An experimental spray, used just five minutes before sexual intercourse, has been found to effectively delay premature ejaculation in men, say researchers.
The spray called PSD502 includes two drugs lidocaine and prilocaine.
The study showed that men treated with PSD502 were able to delay ejaculation up to five times longer than those who used placebo.
It works selectively on non-keratinized skin on the glans penis (head of the penis).
The patients and partners in both trials reported significant improvements in sexual satisfaction, and the drug was well tolerated.
"Premature ejaculation can have a powerful negative impact on the emotional and sexual lives of men and their partners," said Professor Stanley E. Althof, PhD, Centre for Marital and Sexual Health of South Florida, West Palm Beach, Florida.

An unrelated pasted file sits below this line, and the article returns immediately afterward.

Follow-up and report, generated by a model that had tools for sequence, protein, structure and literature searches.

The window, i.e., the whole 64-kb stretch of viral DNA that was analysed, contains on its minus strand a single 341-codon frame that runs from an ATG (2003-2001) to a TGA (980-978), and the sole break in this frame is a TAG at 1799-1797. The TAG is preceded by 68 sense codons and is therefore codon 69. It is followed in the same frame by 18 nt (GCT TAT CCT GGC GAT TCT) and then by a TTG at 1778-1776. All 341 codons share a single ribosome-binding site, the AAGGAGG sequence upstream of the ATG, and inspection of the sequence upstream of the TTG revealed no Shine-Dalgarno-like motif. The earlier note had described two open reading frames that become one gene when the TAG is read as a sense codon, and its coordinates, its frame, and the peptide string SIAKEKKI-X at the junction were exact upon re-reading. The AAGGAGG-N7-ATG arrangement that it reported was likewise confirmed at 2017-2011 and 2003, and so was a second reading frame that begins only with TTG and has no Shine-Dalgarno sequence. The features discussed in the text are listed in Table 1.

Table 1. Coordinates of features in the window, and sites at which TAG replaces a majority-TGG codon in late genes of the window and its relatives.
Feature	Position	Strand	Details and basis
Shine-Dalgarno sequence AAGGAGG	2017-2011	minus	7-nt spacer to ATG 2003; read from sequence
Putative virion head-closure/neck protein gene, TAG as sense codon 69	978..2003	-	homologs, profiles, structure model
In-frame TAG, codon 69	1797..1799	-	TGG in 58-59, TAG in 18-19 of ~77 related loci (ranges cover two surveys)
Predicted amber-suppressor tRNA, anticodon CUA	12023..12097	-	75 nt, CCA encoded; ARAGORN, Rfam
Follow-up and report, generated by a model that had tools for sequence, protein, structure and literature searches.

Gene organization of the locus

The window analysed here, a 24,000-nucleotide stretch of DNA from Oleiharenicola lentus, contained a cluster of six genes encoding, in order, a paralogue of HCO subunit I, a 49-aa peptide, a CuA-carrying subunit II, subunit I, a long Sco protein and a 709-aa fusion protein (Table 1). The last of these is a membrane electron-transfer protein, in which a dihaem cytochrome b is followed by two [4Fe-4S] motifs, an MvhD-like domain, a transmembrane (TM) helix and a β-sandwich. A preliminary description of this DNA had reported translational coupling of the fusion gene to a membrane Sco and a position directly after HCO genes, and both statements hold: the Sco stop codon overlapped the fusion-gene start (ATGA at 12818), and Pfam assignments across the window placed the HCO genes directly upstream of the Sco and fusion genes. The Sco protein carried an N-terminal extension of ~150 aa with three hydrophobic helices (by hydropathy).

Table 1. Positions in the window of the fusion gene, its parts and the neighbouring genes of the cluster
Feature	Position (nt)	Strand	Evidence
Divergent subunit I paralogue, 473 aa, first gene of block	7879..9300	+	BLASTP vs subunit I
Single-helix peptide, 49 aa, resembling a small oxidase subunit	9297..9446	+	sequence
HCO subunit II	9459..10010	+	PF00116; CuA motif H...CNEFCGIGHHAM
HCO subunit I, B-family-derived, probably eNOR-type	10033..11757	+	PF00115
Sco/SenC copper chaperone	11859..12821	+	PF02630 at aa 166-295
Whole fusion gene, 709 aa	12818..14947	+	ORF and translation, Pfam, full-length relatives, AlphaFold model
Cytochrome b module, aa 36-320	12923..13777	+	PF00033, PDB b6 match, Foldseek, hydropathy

"Recently, the international sexual health community agreed that PE should be defined as ejaculation occurring within approximately one minute of penetration that causes the patient distress.
"Now we need to work to develop treatments, and these encouraging results with PSD502 seem to be a step in the right direction," Althofa added.
"We are excited that results from two pivotal studies have shown that PSD502 was effective for men with PE, and we look forward to the opportunity to help patients who have had no real options to date," said Patrick Fourteau, Chief Executive Officer of Sciele Pharma, Inc.
The study was presented at the annual meeting of the Sexual Medicine Society of North America (SMSNA), Inc. in San Diego.